Saturday, February 18, 2006

I Have Beheld The Future, II

In Richard Wagner's opera Parsifal, Kundry is a woman condemned to earthly immortality. Forced to endure an endless existence, every time she awakes from her periodic deep sleeps, she utters a bloodcurdling scream.

*****

I went to visit Grandmother yesterday. The last time I was in Oregon, about six months ago, I had an experience with her that wasn't super pleasant. Shortly afterward, she was determined to be a danger to herself and to others, and was placed in a home where she is monitored and treated with anti-psychotic drugs. She believes she is "recovering" and going home soon, and we encourage that particular delusion.

Her range of emotions has been greatly stunted by the drugs, which is a good thing. She's relatively coherent: she knew who I was, where I live, what I do for a living, and has been following the Olympics on her TV and wanted to know what I thought of the Flying Tomato. I did not desire to test whether she remembered the events of last August. She speaks in a fairly level monotone, clear and precise, but slow. Her facial expressions don't seem to change much, but she did say she was pleased to see me and gave me a nice hug and a peck on the cheek.

My father and I stopped by to chat with her during lunch at the home. It seems an okay enough place; my family does not have any money, so she's in a charity facility run by the Catholic Church. (As my grandmother is a devout atheist, I cannot help but enjoy the irony that she now sleeps every night under a large, rather ostentatious crucifix with a cement statue of Christ out the window.) She shares her small, dark, awful room with four other women. At one point she asked me to turn on the light, and I was distressed to see that the single, weak fluorescent fixture made no noticeable change in the room.

The dining/community area is a large, open, sunny space, but it does feel awfully institutional. Easy-listening music plays constantly.

I can't imagine how she endures her time there. I am not exaggerating when I say my Grandmother is the only resident who can articulate a sentence, let alone complete one. Many of the residents can no longer feed themselves. I watched as an aide held a piece of fish on a fork up to the mouth of a gentleman seated behind me. He stared past the fish. She tapped his chin with the fork, and he made no response.

At another table, a family had come to visit their father. "Hey dad, do you remember me?" The man sat, with his hands folded in his lap, staring downward, and did not answer.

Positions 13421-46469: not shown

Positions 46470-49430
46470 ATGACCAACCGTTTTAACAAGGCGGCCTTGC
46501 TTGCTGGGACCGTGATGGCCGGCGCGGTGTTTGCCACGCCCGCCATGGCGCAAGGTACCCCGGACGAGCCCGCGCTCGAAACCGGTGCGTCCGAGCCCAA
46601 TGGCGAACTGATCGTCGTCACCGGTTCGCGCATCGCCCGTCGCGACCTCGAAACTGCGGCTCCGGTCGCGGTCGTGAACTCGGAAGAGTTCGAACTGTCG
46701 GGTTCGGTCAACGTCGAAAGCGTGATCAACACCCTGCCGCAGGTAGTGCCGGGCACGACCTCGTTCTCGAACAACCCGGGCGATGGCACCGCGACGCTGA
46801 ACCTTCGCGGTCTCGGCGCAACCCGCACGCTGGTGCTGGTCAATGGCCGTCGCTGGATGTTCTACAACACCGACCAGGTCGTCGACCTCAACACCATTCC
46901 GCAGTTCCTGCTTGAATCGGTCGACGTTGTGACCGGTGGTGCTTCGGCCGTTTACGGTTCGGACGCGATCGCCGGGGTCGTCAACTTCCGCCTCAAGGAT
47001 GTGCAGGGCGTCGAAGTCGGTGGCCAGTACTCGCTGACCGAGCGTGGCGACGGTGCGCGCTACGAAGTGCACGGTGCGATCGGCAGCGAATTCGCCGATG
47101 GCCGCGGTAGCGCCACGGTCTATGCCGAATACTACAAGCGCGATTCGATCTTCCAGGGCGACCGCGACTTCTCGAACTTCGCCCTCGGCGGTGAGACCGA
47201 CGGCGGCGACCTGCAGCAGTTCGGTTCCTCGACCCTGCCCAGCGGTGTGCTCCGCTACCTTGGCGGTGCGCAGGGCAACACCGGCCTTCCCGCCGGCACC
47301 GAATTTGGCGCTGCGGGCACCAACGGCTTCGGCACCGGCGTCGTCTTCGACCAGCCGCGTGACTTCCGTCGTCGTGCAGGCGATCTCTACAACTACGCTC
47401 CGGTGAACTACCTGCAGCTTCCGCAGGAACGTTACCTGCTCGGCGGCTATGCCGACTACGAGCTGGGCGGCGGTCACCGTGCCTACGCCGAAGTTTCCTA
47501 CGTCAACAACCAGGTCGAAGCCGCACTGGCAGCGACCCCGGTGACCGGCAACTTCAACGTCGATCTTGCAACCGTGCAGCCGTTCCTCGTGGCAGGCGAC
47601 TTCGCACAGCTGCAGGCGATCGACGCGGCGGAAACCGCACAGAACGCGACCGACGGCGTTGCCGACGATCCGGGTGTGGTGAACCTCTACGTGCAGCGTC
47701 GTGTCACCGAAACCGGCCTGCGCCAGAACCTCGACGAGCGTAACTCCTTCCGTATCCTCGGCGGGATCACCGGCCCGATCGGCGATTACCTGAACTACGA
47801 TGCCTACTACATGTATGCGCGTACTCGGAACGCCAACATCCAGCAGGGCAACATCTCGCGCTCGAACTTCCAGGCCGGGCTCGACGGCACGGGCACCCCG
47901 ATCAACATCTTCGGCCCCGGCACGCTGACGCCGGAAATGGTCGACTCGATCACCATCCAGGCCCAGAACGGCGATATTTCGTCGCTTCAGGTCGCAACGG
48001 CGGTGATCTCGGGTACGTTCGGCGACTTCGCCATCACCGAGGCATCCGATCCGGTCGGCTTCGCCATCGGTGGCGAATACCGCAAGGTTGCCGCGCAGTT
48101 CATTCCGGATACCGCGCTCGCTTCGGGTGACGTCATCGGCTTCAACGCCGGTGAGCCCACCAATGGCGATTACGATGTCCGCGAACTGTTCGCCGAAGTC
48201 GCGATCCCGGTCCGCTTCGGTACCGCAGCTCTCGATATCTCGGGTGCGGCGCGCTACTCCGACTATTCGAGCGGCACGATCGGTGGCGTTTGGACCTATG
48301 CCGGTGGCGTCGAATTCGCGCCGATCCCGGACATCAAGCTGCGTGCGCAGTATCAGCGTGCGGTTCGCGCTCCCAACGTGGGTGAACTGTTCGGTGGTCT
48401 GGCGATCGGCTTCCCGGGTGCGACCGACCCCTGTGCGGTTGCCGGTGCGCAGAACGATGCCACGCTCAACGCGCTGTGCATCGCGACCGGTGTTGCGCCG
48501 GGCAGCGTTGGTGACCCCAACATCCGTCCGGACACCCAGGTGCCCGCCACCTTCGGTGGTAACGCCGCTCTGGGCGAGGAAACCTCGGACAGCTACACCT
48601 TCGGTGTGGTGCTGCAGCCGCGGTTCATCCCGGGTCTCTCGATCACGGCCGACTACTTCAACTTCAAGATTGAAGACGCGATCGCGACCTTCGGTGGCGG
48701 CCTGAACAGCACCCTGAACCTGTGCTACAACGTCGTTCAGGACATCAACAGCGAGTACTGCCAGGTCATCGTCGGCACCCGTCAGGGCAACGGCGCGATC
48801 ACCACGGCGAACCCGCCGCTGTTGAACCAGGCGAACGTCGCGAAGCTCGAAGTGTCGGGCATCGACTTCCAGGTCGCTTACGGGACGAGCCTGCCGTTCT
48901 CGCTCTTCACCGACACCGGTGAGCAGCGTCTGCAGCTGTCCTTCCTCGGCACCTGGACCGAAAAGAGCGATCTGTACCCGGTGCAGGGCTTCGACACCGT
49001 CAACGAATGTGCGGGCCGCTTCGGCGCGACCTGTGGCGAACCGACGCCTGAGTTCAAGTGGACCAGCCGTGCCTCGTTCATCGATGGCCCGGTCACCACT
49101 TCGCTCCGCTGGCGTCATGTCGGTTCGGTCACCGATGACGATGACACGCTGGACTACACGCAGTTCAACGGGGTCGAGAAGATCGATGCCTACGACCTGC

My father, who has been regularly visiting for several months now, has gotten to know the quirks of the other folks. "Don't make eye contact with that one, or she'll come over." Or, "Keep some distance from her, she likes to grab people."

In an easy chair by the window, a small-framed, pudgy woman had fallen asleep. Two aides went to wake her so she could eat. Startled, I suppose, by the ruinous shock that her nightmare was real, trapped in a body that can no longer stand, her mind imprisoned behind a mouth that can no longer talk, she did the only thing she still can: she screamed.

*****

They say to be careful what you wish for. I wish to not end up like that.

7 comments:

Anthony said...

I dearly hope that what you beheld was not the future, Andy. For any of us.

chiron said...

It's rare that someone can make so plausible and generous an estimation of the motives for such bizarre behavior. She screamed because the realization is too awful and it's the only vocalization that she's capable of. Great insight and probably true.

little-cicero said...

I'm proud to be a Catholic. First we take Europe, then the US Supreme Court, next: Andy's grandmother. If only we could get the President to convert, and maybe lose Ted Kennedy!

Esther said...

That's sad. We will all be old someday. I for one hope to enjoy the respite from having to talk to people. It might be nice to be alone with my thoughts for once in my life. Anything weirdI say will simply be attributed to the fact that I'm old. At the same time, it is very sad to see people in situations like that. It was nice of you to go and see your grandmother and bring her some cheer.

little-cicero said...

Yes, it is highly unlikely that this will be your future. You obviously excercise your mind every day, which is the best way to ensure mental health in the future. It sounds like your emotional intelligence is also conducive to mental health later in life...knowing how to deal with stress is key.

Terra said...

is it lucky that most of my elder relatives die of heart attacks, at around 85? I always thought that was long enough to live until my grandfather died and now I miss him.

epicurist said...

Sorry to see you go through that. It is terribly trying as I have a 94 year old grandfather who is also deteriorating.

As a child, I would volunteer at a elderly home. It was no more than an institution for the elderly mentally or physically deficient. The place smelled of urine and one could hear moaning and screaming at all times of the day. Sadly, if you were even remotely sane of mind, you would likely lose it by the end of the month.

l-c - I wish exercising the mind was really the only answer to us staying clear and mentally capable, but that simply isn't the case. Honestly, if I become a vegetable or burden to my family, I would want to die with dignity and honour.